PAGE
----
On November 15th, the LTC and LEARN Center hosted a panel discussion bringing together campus community members with different levels of generative AI experience across diverse academic backgrounds to discuss the burgeoning role of AI in academia. Here are five key takeaways that emerged from the dialogue:
A Multifaceted Tool: AI is not just a buzzword; it is a versatile tool. From assisting in graduate research to finding its place in social media, AI’s applications are as varied as they are impactful. It’s redefining fields like geography through GIS, enhancing audio/video production, and offering new perspectives in humanities.
Upholding Academic Integrity: In an AI-enhanced education landscape, the emphasis remains on academic integrity and critical thinking. It’s imperative that students and educators understand how to use AI ethically, ensuring it complements rather than compromises the learning process.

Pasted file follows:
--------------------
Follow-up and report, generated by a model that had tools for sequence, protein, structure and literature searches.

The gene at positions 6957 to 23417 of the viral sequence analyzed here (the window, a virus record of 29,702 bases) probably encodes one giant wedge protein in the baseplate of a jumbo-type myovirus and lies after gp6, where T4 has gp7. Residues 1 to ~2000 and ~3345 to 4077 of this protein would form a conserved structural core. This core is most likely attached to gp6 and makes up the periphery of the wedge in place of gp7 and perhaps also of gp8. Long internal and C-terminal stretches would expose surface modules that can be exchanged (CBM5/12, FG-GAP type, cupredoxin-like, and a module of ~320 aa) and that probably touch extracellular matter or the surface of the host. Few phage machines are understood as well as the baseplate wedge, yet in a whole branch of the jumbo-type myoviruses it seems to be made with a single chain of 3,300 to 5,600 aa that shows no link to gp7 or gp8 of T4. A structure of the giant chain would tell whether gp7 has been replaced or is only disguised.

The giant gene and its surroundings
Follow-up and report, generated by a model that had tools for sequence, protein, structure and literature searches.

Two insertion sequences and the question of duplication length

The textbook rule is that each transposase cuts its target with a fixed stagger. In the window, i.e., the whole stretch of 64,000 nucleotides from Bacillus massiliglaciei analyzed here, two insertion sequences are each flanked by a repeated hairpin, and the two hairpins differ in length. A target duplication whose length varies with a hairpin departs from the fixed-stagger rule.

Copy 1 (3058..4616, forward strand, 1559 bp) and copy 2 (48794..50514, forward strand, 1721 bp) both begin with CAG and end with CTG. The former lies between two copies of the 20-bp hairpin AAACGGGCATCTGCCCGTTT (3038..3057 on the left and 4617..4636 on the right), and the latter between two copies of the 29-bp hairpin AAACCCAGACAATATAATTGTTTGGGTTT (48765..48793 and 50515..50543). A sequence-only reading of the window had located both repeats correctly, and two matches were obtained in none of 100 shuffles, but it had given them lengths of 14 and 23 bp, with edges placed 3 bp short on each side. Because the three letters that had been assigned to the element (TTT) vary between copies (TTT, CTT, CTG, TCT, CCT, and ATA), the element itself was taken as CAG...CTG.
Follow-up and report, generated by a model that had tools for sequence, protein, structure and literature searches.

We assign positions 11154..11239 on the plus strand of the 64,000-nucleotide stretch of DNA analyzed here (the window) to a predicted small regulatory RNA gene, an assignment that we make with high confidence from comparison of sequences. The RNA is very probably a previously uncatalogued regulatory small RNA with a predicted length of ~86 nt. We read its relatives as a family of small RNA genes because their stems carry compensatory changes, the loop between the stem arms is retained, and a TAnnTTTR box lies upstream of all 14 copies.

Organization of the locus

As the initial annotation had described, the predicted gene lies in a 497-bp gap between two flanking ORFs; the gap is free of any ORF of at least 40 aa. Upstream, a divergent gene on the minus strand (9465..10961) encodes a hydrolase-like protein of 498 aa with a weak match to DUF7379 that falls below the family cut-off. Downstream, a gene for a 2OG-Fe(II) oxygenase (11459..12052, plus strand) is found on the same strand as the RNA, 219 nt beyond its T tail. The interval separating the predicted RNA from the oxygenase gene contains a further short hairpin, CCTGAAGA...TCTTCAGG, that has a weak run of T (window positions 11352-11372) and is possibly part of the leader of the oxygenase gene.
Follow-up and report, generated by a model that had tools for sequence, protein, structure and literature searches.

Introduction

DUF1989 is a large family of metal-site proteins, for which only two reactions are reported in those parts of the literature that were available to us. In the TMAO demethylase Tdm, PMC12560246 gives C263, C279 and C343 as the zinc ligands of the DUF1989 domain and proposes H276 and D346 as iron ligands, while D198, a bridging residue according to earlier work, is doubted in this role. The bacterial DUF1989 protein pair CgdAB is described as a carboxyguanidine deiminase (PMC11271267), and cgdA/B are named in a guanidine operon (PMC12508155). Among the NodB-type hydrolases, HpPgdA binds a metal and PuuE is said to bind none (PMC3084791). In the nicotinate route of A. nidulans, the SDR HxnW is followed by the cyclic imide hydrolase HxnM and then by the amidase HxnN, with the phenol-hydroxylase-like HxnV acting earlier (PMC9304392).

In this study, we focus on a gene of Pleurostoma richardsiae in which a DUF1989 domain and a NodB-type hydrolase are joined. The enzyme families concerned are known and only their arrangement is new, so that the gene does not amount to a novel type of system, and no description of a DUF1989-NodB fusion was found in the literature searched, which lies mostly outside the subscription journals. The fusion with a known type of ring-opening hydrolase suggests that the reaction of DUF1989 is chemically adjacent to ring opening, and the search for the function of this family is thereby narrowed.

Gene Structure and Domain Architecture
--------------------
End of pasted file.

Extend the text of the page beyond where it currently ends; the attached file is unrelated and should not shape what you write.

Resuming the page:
Balancing Benefits and Challenges: While AI brings efficiency to tasks such as literature reviews, it also poses challenges, particularly in the realm of misinformation. The panel underscored the importance of using generative AI judiciously, especially in sensitive areas like election information.
Reshaping Education and Skills: AI’s influence extends to teaching methodologies and the skills needed in the modern workforce. The conversation touched on the need for adaptive learning strategies to bridge the digital divide, adhere to ethical standards, and prepare students for an AI-driven future.